Eisner Extends Lenox’s Reach

Eisner Communications has launched advertising for china and giftware maker Lenox that takes the client beyond its traditional bridal print media.

The new work, carrying the 3-year-old “Gifts that celebrate life” tag, will appear in food and lifestyle publications such as Bon Appétit, Gourmet, Food & Wine, Elle Décor and Oprah, among other magazines.

Campaign spending will total $25 million, sources said. Lenox spent $37 million on ads in 2001, per CMR.

The effort extends the company’s presence beyond the $19 billion bridal market into the $55 billion general-gift market, according to Eisner representative Abe Novick.

The Baltimore agency won the positioning assignment after a courtship that began in January and ended in a quiet review that pitted Eisner against The Harrington Group, Morristown, N.J.; Gianet-tino & Meredith, Short Hills, N.J.; and Badalato-Ginsberg, New York, earlier this summer. The De Plano Group, the New York incumbent, did not participate.

Officials from the Lawrenceville, N.J.-based client invited the agency pitch teams to watch as two focus groups pored over creative work from the three finalists.

“The groups [19-24 years old and 35+] discussed how they felt about gift giving and about the Lenox brand,” said agency executive creative director Steve Etzine. “Anything that deviates from the Lenox voice was a sacrilege.”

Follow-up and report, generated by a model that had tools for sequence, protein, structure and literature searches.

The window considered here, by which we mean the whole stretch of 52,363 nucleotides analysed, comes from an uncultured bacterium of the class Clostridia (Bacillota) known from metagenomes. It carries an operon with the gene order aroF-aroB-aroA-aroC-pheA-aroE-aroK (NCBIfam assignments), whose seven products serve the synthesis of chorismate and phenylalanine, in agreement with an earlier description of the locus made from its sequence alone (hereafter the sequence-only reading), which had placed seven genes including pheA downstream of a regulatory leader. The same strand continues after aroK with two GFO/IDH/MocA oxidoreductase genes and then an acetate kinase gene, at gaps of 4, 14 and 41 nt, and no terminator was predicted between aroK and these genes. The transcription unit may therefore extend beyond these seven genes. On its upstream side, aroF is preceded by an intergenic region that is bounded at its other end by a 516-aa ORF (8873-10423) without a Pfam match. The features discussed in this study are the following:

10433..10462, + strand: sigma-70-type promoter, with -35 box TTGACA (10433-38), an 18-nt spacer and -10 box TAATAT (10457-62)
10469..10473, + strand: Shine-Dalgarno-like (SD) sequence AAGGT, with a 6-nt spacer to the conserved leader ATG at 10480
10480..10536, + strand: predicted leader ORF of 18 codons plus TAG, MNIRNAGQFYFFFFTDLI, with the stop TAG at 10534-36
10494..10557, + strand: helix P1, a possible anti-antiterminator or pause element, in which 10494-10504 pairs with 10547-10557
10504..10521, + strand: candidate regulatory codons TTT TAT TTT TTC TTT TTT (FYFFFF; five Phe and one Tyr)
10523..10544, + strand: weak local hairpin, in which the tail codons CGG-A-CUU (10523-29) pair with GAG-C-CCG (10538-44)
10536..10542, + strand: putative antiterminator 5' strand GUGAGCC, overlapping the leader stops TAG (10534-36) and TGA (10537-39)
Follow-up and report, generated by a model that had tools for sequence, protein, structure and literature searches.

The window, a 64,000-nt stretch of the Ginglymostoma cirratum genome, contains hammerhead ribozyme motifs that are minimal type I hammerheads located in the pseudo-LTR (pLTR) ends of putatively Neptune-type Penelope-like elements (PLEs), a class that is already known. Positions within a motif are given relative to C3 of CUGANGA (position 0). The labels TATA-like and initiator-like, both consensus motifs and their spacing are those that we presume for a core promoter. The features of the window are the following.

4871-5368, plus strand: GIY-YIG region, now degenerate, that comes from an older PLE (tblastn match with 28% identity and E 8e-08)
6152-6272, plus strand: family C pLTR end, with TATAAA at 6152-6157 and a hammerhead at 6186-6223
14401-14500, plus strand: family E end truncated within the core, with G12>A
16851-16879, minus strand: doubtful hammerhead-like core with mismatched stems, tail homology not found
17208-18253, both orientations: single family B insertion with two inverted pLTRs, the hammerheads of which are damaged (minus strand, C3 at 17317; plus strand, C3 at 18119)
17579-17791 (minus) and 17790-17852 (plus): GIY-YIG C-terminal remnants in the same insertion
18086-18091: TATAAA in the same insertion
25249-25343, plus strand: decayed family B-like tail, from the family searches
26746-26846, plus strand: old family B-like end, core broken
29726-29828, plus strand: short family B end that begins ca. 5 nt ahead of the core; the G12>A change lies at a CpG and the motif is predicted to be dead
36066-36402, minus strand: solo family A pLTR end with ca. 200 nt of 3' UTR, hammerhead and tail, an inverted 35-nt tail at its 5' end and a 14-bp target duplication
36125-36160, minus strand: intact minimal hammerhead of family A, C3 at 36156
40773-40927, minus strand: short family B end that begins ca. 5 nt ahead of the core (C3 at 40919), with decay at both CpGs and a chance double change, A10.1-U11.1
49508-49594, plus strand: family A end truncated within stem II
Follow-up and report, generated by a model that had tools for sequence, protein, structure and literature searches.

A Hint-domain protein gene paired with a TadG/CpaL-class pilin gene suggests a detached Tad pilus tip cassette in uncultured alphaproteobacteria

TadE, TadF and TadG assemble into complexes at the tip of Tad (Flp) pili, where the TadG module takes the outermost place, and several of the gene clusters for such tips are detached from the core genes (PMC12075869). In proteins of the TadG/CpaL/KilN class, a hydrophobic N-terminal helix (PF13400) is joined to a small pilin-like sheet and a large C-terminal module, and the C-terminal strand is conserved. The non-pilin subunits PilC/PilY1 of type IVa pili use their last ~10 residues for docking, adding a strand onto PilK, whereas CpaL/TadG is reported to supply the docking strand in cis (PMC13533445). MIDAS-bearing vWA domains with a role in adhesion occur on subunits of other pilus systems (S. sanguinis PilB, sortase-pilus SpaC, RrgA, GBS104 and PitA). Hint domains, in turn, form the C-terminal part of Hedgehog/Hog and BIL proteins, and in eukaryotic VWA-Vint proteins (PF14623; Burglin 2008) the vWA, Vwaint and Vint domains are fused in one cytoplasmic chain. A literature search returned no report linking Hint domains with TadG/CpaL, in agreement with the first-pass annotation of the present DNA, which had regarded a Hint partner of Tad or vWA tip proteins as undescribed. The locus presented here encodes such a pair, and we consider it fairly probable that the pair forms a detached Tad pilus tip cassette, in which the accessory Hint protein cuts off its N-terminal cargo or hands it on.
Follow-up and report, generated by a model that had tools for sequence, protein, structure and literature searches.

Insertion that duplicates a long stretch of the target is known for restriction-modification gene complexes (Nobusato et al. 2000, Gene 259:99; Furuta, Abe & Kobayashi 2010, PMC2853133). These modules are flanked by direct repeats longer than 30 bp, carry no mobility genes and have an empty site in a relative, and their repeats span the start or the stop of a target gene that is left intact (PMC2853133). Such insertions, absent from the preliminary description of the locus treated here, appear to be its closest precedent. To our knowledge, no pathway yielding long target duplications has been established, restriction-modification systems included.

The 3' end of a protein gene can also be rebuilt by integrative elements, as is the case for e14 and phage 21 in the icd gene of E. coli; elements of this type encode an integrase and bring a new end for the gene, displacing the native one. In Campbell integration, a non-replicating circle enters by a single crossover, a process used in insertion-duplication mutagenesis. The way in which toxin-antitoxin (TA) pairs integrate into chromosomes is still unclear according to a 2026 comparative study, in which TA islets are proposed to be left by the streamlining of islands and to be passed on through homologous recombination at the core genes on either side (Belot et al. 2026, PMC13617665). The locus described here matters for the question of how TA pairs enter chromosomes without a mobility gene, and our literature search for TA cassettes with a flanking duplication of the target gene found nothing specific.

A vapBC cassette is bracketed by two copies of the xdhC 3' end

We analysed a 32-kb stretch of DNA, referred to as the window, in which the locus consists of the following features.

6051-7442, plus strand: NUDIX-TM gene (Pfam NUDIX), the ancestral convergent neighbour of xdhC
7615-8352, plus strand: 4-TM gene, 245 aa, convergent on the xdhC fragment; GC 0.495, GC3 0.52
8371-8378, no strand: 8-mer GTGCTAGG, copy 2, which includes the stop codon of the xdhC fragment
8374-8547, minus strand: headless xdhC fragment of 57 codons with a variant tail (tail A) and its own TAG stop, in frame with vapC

Surprisingly, the younger focus group felt it was not necessary to introduce an edgier voice, said Etzine. “They wanted to honor the values [Lenox] stood for,” he said.

Jim Erickson’s black-and-white photography was tinted with “Len-ox ivory” to give the print ads a look that resembles the brand’s simple patterns. Color appears in tiny details that include a gold ribbon that “gift wraps” the ads and a red berry decoration.

Body copy, in cursive script, is limited to a small gift card. In one Christmas ad promoting gifts, the message reads, “Because it wouldn’t be a holiday without her … Because she’s what you’ve prayed for, and what you’re thankful for … Because Lenox celebrates life.”

“We also used real people caught in accidental moments,” said Etzine, who served as copywriter on the campaign. “There’s an allusion to something that might have gone wrong, but didn’t. We acknowledge the negatives in life.”

Lenox vice president of brand development Peter Cobuzzi called the work strategically on target.